Hi everyone,

Sorry to wake up an ancient thread -- I've had a bit more time to

think about your comments.

Indeed, there is a non-zero static power dissipation at f = 0. I will

assume it's constant for a given voltage. In addition, a fairly good

approximation is that power increases linearly with frequency (not

quadratically; it does that with voltage). So power for a chip can be

roughly written as:

P = P0 + Ps*f

where P0 is the static power in W and Ps is the "switching" power in W/Hz.

Once again, for the entire discussion, we take core voltage to be constant.

Together with my previous assumption that time required to carry out a

given task is exactly inversely proportional to the frequency, we can

define a constant W of a given task that is the amount of work

required for it. This is unitless because it's seconds * Hertz.

So, the total amount of energy required for the task is:

E = P * t

= P0*t + Ps*f*t

And since t = W/f,

E = P0*W/f + Ps*W

Now, we are looking to minimize the energy needed for a particular

task by varying frequency and only frequency (we assume the target

architecture does not automatically change voltage along with

frequency, which I believe is a reasonable assumption for the

medium-range hardware targeted by Rockbox). So we set the first

derivative of E to 0:

dE/df = 0

-P0*W/(f^2) = 0

What does this mean? Energy is at a minimum when f tends toward infinity.

This even makes sense intuitively: as frequency increases, the

contribution of the Ps term become large enough to cancel out the P0

term. In other words, the task is executed so fast that the static

power doesn't "have enough time to matter".

Okay, so that was a lot of text to make one point. Thoughts?

In intend to actually try this with a PIC microcontroller at some point.

-Cat

On Mon, Jan 21, 2008 at 6:43 PM, Bertrik Sikken <bertrik_at_sikken.nl> wrote:

*> Burelli Luca wrote:
*

*> >
*

*> > On Sat, 12 Jan 2008, Catalin Patulea wrote:
*

*> >
*

*> >> - I believe (correct me if I'm wrong) that, in general, power
*

*> >> consumption is proportional to the core frequency. Let the power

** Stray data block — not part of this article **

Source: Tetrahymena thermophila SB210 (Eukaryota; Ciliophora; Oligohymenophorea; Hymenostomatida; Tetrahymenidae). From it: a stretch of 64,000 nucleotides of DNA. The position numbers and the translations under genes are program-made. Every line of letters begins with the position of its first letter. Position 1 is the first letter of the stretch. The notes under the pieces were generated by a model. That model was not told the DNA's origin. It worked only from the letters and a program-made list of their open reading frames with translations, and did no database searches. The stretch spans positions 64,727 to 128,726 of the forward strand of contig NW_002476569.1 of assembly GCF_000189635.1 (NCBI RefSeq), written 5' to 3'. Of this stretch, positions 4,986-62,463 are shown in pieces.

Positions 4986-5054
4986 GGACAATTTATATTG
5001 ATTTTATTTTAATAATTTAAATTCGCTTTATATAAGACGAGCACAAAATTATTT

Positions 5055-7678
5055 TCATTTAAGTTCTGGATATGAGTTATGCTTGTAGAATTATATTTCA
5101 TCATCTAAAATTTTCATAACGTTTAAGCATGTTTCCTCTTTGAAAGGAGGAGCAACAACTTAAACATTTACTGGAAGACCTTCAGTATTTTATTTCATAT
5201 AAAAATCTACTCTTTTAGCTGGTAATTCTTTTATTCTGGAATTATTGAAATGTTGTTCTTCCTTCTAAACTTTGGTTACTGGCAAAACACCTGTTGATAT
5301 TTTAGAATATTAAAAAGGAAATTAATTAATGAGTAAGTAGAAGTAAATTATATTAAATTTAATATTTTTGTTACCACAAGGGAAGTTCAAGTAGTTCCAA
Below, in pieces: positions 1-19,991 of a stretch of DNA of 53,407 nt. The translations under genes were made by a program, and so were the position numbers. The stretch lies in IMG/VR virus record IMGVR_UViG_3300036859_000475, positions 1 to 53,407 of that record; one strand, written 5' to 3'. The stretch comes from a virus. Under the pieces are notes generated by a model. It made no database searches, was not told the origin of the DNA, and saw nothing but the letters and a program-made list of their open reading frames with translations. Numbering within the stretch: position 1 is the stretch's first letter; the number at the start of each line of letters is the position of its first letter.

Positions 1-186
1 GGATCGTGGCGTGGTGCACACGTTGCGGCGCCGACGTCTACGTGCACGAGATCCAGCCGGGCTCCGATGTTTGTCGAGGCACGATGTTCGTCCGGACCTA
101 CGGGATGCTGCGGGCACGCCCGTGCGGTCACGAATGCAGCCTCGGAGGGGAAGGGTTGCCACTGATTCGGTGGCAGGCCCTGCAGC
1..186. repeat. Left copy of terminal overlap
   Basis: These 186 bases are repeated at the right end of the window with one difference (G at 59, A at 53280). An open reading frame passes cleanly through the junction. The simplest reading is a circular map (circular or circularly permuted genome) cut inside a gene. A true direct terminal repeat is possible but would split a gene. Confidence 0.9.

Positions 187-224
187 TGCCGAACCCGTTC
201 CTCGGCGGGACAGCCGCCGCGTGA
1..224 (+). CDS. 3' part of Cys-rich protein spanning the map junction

*

*> >> consumptions of the cores be P_1 = k*f_1 and P_2 = k*f_2.
*

*> >
*

*> > An accurate estimation of power consumption in digital electronics is
*

*> > not so easy to figure out. However, as a rule of thumb, you may assume
*

*> > there's a constant power dissipation which is due to leakage (non-ideal
*

*> > switches allowing current to flow even where and when it should not),
*

*> > and a "dynamic" power dissipation that is proportional to Vdd (the
*

*> > switching voltage) and to _the square_ of the switching frequency. So
*

*> > the above would be better written as P_1 = P_{1,leak} + k * f_1^2,
*

*> > meaning that if you run the CPU twice as fast, you need four times the
*

*> > energy (ignoring leakage). That's why clock throttling helps _a lot_ in
*

*> > reducing battery drain!
*

*> >
*

*> > Hope I remembered things correctly from my University classes :-)
*

*>
*

*> I think you have the relations mixed up.
*

*>
*

*> In one clock tick, a bunch of internal nodes acting as tiny capacitors
*

*> need to be charged or discharged, dissipating an amount of energy equal
*

*> to the energy contained in those capacitors.
*

*> A charged capacitor C has energy E = 1/2 * C * V * V, which demonstrates
*

*> the quadratic relation between voltage and consumed dynamic power.
*

*>
*

*> Increasing the clock simply means that this happens more often each
*

*> second, which points to a linear relation between frequency and
*

*> dynamic power.
*

*>
*

*> Kind regards,
*

*> Bertrik
*

*>
*

Received on 2008-03-31